Charitable Donations and Tax-Exempt Charities
- Approved Charitable Donations and List of Tax-Exempt Charities
- Tax Guide for Charitable Institutions and Trusts of a Public Character
- Procedures on Application for Recognition of Tax Exemption Status under Section 88 of the Inland Revenue Ordinance
- Potential Profits Tax Liabilities of Tax-Exempt Charities
Individual and business donors who are chargeable to salaries tax, personal assessment or profits tax can claim deduction for the aggregate of approved charitable donation up to 35% of the assessable income or profits, as the case may be, in the basis period of a year of assessment. Such aggregate must not be less than $100. (Sections 16D and 26C of the Inland Revenue Ordinance (the IRO))
"Approved charitable donation" means a donation of money to any charitable institution or trust of a public character, which is exempt from tax under section 88 of the IRO, or to the Government, for charitable purposes. (Section 2 of the IRO)
Members of the public may check the list of charitable institutions and trusts of a public character, which are exempt from tax under section 88 of the IRO as to whether the donations can be claimed for tax deduction.
Charitable institutions and trusts of a public character may be granted tax exemption under section 88 of the IRO. The Department has issued the "Tax guide for charitable institutions and trusts of a public character" for reference by the public.
It is essential that a charity is established by a written governing instrument, which is a formal document setting out the key provisions regarding the charity’s administration such as the charitable purposes or objects, composition of the governing body and how the meetings will be held. The type of governing instrument to be adopted by a charity depends on the legal structure that is chosen by the charity. It may have different names depending on the type of structure (e.g. Articles of Association in the case of a limited company, ordinance where the body is established by statute, trust deed in the case of a trust, or constitution in the case of a society).
A charity’s governing instrument should generally include the clause stating precisely and clearly the charitable purposes for which the charity is established, as well as certain other crucial clauses. For more information on writing charitable purposes in the governing instrument, please refer to “Guidance on writing charitable purposes in the governing instrument”. Regarding examples of the crucial clauses, please refer to “Examples of clauses generally contained in a charity’s governing instrument”.
Any organisation wishing to seek recognition as a charity exempt from tax under section 88 of the IRO is advised to read the "Tax guide for charitable institutions and trusts of a public character" before submitting an application. When lodging an application, the organisation should complete the following application form and provide the documents specified therein to the Department.
The request should be sent to the Commissioner of Inland Revenue, G.P.O. Box 132, Hong Kong. An incomplete application form (including a form with insufficient supporting documents) will be returned to the applicant for follow-up before the application is processed.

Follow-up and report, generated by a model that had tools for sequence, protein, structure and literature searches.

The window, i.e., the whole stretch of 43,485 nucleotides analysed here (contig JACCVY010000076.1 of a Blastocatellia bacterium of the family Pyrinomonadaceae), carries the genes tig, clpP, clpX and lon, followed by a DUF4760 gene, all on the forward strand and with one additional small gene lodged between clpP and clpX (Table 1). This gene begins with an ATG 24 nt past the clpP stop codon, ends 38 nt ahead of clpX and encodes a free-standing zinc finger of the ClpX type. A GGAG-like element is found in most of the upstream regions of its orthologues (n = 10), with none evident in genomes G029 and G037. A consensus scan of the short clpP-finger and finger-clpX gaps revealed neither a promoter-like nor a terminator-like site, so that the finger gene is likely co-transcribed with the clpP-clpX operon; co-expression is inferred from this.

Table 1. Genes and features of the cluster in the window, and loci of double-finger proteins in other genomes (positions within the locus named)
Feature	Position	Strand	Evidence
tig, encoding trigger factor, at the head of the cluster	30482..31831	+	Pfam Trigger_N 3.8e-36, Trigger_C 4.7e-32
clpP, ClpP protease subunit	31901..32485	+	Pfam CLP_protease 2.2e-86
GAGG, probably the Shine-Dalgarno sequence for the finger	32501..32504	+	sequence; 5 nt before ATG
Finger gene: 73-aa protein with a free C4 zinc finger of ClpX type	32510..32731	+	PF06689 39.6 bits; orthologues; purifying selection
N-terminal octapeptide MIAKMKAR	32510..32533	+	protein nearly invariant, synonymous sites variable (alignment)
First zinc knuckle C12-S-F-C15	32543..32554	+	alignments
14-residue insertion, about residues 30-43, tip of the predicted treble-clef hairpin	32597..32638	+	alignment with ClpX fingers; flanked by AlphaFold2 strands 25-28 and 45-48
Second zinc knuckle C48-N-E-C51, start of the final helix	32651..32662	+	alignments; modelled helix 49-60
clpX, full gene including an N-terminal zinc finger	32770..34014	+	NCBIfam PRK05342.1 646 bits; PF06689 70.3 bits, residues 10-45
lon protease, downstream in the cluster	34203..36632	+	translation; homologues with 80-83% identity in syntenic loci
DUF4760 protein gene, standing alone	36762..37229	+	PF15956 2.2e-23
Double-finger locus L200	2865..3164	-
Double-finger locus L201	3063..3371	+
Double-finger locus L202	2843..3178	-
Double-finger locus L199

The Department endeavours to respond within 4 months of the date of receipt of an application for recognition of tax exemption status under section 88 of the IRO, provided that all relevant information is supplied with the application and further information from the applicant is not required.
The proviso to section 88 of the IRO provides that where a charity carries on a trade or business, the profits derived from such trade or business are exempt from profits tax only if all of the following conditions are satisfied:
Therefore, if a charity carries on a trade or business, the profits derived from that trade or business (such as property letting and provision of hotel or catering services), including interest income and investment profits attributable to the fund of that trade or business, are exempt from profits tax only if all of the conditions under the proviso to section 88 of the IRO are satisfied. Otherwise, the profits of that trade or business which are arising in or derived from Hong Kong will be chargeable to profits tax under section 14(1) of the IRO.
Regarding the condition that a trade or business of a charity is exercised in the course of the actual carrying out of the expressed objects of the charity, the trade or business must be directly related to the achievement of the charity’s expressed objects. Fund-raising activities that are not directly related to the achievement of the charity’s expressed objects (such as letting properties to tenants not belonging to specific service targets of the charity) cannot satisfy the proviso. The fact that the profits from a trade or business are applied for the charitable objects of the charity is not sufficient to establish that all the conditions under section 88 of the IRO have been satisfied. Instead, it is the nature of the trade or business and whether it directly accomplishes the charity's objects that have a bearing on the question whether the trade or business is exercised in the course of the actual carrying out of the expressed objects of the charity. Further, a clear distinction should be drawn between a charity’s objects (i.e. the charitable purposes that a charity is established to achieve) and its powers which support the operation of the charity and may incidentally facilitate the achievement of the objects (such as the power to lease out its properties). The objects of a charity and its powers to be exercised in effecting the objects are different issues.
For further information, please refer to paragraphs 20 to 49 of the "Tax guide for charitable institutions and trusts of a public character" at the Department’s website.